A man who had a wrestling DVD playing in his car when he caused a crash which killed 89-year-old Harvie Spencer near Port Germein in 2013 will spend a minimum of two years and nine months in jail.
Mitchell Deane Franklin, 28, was returning to Adelaide from Roxby Downs where he worked as a security guard in June 2013, when the car he was driving collided with Mr and Mrs Spencer’s car, which was waiting to turn right into Old Port Germein Road off of the Augusta Highway.
The crash killed Harvie Spencer instantly.
Mrs Spencer, Mr Franklin and his passenger Ali Faquiri were all spared injury in the crash. A backseat passenger in Mr Franklin’s car suffered a fractured jaw in the crash.
During sentencing in the Adelaide District Court, Judge Paul Muscat said he was “… not the least bit surprised” that the jury rejected the evidence tabled by Mr Franklin that he did not look at the DVD playing in the car once during the trip.
“I agree with the prosecution submission made to the jury that your insistence that you never once looked at the screen in over four hours of driving was so incredible that it bordered on the absurd,” Judge Muscat said.
“It was a rather poor attempt by you to avoid the obvious explanation for your gross inattention or grossly defective lookout of the road in front of you at that critical part of the journey home.”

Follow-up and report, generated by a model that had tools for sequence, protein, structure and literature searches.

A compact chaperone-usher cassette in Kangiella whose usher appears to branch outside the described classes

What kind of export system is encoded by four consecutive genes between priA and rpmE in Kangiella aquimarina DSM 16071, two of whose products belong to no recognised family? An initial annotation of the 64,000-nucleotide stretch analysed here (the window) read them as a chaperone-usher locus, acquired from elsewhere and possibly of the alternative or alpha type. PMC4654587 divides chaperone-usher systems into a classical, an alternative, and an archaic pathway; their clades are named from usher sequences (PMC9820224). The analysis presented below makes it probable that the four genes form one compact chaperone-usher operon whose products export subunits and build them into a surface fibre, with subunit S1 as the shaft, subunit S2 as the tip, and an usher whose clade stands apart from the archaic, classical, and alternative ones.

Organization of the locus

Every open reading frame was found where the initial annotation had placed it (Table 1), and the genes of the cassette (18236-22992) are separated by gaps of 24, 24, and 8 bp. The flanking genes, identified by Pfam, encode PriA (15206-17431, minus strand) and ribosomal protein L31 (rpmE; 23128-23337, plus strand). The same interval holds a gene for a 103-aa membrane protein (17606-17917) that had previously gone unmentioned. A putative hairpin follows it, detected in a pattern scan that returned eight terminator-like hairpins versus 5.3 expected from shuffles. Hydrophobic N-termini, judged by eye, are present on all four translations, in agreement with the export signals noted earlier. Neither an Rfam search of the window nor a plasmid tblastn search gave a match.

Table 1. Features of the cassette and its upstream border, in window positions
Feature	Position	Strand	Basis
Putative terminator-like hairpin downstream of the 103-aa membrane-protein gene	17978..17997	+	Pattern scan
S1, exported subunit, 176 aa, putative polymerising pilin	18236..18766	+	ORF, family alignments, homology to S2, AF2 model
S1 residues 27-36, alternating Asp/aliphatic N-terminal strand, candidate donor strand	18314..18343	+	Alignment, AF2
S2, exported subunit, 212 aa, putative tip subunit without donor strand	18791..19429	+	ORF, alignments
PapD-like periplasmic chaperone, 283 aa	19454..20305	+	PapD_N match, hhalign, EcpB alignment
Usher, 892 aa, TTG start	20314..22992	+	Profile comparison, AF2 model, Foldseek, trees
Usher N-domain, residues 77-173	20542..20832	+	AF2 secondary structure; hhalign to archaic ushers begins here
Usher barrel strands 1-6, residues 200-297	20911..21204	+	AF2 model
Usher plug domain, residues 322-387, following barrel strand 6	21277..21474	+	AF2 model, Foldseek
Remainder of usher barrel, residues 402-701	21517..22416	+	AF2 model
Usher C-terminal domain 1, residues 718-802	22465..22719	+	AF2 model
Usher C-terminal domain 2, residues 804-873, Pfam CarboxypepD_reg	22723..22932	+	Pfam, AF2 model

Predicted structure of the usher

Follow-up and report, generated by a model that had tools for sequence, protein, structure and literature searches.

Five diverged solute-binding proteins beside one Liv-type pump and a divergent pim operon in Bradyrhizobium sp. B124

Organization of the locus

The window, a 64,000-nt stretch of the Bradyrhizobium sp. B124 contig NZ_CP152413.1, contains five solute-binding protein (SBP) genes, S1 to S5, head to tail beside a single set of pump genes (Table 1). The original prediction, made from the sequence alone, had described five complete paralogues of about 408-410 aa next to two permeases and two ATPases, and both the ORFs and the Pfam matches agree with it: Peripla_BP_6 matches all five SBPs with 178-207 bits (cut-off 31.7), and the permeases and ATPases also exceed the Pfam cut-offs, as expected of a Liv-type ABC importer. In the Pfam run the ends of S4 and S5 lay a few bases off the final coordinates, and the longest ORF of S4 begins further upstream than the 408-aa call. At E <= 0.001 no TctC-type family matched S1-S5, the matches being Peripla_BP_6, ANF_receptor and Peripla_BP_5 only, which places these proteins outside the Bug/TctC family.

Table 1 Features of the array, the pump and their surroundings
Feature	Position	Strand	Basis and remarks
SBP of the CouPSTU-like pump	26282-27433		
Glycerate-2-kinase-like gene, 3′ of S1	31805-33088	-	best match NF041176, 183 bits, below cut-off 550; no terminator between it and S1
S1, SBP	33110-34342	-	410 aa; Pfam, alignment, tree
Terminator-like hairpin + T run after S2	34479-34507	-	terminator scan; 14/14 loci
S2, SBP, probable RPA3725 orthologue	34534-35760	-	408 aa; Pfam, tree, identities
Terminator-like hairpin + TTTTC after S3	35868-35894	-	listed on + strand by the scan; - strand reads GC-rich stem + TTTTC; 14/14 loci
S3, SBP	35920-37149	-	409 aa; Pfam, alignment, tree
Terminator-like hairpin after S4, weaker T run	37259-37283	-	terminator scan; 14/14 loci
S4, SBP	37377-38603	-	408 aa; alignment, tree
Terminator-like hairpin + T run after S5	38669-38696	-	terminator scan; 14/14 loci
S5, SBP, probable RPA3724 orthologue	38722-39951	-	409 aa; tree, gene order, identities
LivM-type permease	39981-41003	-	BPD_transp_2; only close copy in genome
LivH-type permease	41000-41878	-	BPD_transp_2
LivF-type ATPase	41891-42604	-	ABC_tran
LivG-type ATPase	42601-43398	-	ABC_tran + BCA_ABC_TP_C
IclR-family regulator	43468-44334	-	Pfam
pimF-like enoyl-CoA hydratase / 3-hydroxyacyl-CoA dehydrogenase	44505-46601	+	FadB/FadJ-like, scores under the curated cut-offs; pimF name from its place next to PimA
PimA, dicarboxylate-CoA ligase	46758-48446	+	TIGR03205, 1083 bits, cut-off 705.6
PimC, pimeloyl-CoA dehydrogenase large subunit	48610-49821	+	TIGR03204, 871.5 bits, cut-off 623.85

During the trial the court was told that Mr Franklin put the DVD on in the car before leaving Roxby Downs and was the only person with an interest in wrestling in the car during the trip.
Despite being found guilty of causing death by dangerous driving, causing harm by dangerous driving and driving a vehicle while a visual display unit was operating in the vehicle which was visible to the driver, Judge Muscat said he would have been inclined to hand down a lesser minimum sentence to Mr Franklin due to his good nature.
However, the judge said he was “constrained” by minimum sentencing legislation.
The judge praised Mr Franklin’s good employment and work ethic, while also noting his work with disadvantaged groups, including aboriginal children in education, homeless people and those within the prison system.
“You are a young, upstanding aboriginal man who has strived to become a positive role model for other aboriginal men,” he said.
“You are a good son to your parents, a good husband to your wife and a good father to your children.
“In every respect, aside from driving dangerously for about 10 seconds, you have been a good citizen.
“It is important for the court and others to acknowledge that you possess many good qualities.
“The court is not sentencing a recidivous offender, someone who has not reformed, but a true first offender.”
He also noted the offender’s remorse for his actions.
Mr Franklin was sentenced to three-and-a-half years’ jail, with a non-parole period of two years, nine months and 18 days. The judge also disqualified Mr Franklin from driving for 10 years once he is released.